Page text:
Never mind. It’s what the law says – a quarter of the people can rule the country and that’s that. Even with all the fine people who didn’t bother to go to the ballots because they had better things to do, God bless them, this does not equal two thirds of the votes. 48.5 percent?
As a left-winger in Hungary I’m used to disappointment and defeat. Even with the numerous cases of fraud where, out of 275 of all the local votes, 70 opposition ballot papers were invalidated because somehow they didn’t get stamped by the officials, and that’s approximately a 0.0000000000000000000000000000000000000000000000000000000000000000000022681% chance of being an accident (actual figure!), I’m fine with it. Having 200 foreign people living in one shed – on paper of course – just so they can vote for Fidesz? Fine. And you know why?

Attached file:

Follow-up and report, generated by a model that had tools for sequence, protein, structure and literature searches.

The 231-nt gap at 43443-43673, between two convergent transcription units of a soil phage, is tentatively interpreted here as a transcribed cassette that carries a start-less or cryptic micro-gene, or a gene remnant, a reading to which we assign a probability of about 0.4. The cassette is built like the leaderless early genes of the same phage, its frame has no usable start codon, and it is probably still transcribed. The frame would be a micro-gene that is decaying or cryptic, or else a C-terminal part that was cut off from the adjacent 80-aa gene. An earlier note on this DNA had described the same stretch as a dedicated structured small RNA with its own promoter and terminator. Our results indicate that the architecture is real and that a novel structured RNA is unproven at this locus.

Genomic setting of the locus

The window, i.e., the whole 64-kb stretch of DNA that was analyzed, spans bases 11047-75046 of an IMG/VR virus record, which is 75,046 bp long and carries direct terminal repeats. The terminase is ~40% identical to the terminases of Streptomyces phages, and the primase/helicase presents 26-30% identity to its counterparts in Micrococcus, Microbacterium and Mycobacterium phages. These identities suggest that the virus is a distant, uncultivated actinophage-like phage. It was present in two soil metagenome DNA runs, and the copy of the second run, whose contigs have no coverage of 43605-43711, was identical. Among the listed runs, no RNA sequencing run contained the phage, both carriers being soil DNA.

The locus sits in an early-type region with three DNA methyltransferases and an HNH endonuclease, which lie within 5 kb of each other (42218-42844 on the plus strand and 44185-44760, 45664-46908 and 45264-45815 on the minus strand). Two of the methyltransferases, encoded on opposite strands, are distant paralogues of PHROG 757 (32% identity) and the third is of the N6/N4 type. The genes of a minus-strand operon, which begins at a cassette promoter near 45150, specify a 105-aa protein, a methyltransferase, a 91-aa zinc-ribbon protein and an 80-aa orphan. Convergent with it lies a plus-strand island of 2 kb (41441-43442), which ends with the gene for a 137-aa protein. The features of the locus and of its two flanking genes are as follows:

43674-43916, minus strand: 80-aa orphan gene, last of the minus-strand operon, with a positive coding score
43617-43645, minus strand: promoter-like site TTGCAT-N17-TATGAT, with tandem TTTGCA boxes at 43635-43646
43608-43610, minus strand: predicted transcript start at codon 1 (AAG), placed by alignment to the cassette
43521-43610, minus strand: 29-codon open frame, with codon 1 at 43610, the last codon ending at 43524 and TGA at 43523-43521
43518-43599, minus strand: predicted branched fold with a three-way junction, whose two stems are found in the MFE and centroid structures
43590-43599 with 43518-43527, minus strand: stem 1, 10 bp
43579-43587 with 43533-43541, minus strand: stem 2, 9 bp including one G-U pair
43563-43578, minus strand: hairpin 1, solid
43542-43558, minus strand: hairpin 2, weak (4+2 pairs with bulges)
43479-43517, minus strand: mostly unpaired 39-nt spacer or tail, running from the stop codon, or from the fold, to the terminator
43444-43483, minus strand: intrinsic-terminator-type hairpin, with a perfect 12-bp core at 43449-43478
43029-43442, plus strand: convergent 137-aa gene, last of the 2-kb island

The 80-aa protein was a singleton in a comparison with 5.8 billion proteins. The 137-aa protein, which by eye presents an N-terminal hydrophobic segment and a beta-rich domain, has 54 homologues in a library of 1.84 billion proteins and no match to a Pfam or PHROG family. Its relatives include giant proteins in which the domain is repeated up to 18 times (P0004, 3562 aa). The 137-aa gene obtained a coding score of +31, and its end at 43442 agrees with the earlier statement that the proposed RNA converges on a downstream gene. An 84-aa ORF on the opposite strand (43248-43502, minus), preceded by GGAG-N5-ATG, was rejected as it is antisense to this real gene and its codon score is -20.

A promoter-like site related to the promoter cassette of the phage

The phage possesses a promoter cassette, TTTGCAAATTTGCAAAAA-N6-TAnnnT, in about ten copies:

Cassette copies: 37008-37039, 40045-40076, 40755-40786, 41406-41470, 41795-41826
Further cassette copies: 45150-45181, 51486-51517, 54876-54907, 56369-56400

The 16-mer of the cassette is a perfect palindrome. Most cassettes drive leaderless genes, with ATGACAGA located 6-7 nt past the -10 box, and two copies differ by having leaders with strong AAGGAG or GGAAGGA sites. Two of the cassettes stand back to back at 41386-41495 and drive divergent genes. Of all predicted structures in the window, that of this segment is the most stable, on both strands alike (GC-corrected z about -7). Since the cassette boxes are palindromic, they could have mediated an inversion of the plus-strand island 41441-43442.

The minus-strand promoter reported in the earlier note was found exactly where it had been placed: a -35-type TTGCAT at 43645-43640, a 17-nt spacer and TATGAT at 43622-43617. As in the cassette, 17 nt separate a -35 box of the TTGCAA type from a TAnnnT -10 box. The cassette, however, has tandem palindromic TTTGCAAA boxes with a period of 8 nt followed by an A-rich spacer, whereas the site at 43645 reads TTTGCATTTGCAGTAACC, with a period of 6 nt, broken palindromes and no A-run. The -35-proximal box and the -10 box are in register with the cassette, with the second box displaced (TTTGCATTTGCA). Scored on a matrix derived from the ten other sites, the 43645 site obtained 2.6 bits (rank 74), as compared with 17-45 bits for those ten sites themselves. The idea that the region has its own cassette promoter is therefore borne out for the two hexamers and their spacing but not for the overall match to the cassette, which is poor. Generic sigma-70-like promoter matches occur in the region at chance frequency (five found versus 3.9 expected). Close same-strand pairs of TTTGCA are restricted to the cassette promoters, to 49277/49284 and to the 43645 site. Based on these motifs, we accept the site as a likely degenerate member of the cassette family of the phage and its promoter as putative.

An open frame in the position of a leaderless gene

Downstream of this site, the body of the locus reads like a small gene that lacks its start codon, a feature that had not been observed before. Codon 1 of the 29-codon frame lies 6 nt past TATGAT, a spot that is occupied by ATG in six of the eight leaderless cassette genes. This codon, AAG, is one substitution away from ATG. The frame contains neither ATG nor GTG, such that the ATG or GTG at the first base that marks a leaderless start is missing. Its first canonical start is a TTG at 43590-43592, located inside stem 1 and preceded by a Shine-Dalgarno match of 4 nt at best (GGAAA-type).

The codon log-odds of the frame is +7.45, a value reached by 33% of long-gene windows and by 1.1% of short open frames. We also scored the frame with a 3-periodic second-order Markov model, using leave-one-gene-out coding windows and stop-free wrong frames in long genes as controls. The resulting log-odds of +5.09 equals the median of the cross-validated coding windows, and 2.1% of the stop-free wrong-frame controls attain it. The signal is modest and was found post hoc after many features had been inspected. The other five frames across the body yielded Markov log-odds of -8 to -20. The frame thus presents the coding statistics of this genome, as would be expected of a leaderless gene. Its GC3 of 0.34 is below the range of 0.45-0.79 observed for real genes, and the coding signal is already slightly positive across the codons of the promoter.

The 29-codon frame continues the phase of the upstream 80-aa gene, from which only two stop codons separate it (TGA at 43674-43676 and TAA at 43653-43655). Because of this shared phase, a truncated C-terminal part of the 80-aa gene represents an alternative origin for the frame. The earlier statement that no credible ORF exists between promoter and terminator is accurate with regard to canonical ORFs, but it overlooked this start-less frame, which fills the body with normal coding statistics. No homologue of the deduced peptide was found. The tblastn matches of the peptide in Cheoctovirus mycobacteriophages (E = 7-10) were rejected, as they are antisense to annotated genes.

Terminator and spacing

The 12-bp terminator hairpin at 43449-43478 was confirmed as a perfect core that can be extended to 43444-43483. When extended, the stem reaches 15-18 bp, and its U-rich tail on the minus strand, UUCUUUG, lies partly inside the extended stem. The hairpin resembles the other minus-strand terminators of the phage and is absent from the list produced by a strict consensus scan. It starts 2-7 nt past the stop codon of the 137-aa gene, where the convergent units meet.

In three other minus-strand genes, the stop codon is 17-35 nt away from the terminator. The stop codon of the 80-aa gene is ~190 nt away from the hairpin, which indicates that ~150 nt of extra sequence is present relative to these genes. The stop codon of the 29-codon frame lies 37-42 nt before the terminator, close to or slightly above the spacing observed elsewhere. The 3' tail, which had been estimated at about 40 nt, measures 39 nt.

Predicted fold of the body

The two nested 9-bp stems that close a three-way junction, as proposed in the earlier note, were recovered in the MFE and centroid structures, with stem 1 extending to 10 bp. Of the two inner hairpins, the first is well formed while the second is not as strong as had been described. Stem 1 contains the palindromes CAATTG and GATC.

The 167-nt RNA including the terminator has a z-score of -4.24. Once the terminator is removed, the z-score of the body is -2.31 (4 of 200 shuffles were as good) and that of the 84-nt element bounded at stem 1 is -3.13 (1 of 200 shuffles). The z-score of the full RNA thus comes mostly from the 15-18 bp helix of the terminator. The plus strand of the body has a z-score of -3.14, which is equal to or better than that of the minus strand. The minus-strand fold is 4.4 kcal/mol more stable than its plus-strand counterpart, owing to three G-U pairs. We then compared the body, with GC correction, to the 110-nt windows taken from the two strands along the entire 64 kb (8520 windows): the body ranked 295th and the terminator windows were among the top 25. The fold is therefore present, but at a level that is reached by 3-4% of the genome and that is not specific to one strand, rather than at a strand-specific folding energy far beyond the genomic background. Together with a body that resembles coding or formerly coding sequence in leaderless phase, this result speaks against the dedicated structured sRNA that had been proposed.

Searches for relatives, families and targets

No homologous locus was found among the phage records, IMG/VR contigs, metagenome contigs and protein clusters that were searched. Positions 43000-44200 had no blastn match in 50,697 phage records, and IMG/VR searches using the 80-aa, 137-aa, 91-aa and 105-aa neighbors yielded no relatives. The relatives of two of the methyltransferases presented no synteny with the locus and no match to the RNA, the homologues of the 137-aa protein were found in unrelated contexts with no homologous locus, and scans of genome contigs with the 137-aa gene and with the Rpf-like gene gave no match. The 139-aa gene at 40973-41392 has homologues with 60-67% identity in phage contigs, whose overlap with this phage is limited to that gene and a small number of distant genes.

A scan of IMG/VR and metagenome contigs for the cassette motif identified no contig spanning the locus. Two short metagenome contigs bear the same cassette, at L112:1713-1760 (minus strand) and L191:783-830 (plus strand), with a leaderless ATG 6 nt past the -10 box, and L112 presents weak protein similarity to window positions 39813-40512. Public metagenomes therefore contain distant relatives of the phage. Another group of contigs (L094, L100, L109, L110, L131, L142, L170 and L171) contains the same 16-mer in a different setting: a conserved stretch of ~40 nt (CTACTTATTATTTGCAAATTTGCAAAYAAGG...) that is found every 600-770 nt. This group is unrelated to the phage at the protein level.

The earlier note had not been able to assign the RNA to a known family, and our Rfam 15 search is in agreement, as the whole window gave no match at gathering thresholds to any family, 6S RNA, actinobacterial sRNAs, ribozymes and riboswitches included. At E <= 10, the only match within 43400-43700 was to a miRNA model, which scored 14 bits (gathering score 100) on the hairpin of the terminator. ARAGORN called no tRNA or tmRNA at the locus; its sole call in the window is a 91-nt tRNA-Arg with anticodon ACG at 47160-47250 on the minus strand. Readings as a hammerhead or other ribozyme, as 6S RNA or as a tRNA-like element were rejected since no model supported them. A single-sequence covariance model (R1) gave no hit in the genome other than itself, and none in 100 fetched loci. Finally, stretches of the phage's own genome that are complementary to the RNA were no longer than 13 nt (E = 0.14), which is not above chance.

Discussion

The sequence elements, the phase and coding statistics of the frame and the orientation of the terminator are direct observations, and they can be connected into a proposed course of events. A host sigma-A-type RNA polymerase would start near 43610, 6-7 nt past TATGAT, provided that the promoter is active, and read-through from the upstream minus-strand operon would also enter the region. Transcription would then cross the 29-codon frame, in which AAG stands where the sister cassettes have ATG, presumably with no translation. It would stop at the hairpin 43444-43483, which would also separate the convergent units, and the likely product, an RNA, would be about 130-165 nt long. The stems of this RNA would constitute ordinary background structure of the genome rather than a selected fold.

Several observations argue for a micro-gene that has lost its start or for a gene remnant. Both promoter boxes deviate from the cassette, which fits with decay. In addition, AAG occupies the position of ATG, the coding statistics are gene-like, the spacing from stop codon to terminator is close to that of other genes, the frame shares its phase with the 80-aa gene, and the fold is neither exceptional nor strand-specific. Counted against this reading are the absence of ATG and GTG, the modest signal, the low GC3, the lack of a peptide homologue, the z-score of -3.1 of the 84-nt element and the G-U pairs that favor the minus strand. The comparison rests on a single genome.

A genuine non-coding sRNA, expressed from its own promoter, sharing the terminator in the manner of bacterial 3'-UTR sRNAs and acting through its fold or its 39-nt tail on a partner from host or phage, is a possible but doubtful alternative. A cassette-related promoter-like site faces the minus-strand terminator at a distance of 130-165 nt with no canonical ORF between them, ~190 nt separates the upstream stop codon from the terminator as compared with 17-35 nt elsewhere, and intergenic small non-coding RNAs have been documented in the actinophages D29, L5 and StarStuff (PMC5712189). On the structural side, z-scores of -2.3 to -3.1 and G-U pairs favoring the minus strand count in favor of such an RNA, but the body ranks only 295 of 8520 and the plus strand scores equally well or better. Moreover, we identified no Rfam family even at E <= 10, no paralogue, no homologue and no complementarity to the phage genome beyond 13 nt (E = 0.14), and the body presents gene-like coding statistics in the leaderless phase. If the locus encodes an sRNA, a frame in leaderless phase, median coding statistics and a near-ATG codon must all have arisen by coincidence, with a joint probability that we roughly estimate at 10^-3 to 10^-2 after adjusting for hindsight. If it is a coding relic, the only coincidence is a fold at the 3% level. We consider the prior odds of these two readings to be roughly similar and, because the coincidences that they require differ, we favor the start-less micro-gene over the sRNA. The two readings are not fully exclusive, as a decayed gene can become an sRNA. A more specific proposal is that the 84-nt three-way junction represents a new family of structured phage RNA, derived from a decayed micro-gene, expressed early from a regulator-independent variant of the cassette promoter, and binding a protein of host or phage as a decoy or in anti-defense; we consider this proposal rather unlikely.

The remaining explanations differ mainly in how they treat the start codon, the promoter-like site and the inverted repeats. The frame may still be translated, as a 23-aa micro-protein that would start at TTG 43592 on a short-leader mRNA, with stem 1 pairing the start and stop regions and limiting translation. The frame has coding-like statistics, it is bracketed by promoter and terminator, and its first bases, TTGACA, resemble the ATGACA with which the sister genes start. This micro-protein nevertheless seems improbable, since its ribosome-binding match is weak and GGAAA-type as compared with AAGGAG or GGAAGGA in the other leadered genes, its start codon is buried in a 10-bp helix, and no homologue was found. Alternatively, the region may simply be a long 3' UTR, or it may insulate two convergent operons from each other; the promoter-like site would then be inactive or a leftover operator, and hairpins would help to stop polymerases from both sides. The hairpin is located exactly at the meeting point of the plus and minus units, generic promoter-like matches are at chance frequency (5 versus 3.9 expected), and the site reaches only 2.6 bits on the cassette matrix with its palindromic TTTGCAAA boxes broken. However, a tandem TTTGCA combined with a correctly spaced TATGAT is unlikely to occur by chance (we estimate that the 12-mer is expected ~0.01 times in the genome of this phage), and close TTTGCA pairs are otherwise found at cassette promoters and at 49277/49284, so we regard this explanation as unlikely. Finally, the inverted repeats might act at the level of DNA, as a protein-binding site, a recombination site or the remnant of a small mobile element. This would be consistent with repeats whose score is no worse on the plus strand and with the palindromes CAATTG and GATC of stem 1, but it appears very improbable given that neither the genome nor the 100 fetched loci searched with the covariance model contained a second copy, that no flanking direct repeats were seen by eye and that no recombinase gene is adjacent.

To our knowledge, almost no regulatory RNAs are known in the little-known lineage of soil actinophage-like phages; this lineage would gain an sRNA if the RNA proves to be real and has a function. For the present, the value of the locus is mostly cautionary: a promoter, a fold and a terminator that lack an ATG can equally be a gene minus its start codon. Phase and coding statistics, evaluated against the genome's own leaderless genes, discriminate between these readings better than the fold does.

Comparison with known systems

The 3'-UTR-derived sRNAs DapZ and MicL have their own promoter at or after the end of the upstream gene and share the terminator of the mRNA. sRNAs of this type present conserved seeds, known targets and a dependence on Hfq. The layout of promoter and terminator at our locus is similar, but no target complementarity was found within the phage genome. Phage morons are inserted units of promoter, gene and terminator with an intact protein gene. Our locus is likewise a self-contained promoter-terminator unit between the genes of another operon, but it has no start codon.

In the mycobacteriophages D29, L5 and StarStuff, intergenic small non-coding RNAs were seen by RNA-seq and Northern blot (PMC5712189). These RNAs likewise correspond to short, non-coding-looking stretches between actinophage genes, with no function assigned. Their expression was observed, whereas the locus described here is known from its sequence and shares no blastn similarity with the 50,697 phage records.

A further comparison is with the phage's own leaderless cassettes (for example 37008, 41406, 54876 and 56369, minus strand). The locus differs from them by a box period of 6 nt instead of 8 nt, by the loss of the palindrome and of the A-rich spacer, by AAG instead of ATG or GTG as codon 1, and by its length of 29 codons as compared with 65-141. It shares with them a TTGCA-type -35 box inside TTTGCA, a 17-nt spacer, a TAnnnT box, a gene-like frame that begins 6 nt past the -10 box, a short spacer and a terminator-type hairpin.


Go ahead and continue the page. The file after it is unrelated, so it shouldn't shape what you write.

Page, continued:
Because everybody is so sick and tired of the kleptocracy that politicians from the far left to the far right are working together against these so-called people, in the Parliament, in the local municipalities, everywhere, because this is not about politics any more. This is about being invaded by a brute force which uses its citizens as slaves. Nothing else, simple as that.
Now let’s have a word about our brothers and sisters – the 2.6 million Stockholm Syndrome sufferers who cast their votes for Fidesz. Some of them say – and yeah, you can raise your hand if you’ve heard this before – “Because they are not commies!” or “At least they are doing something!”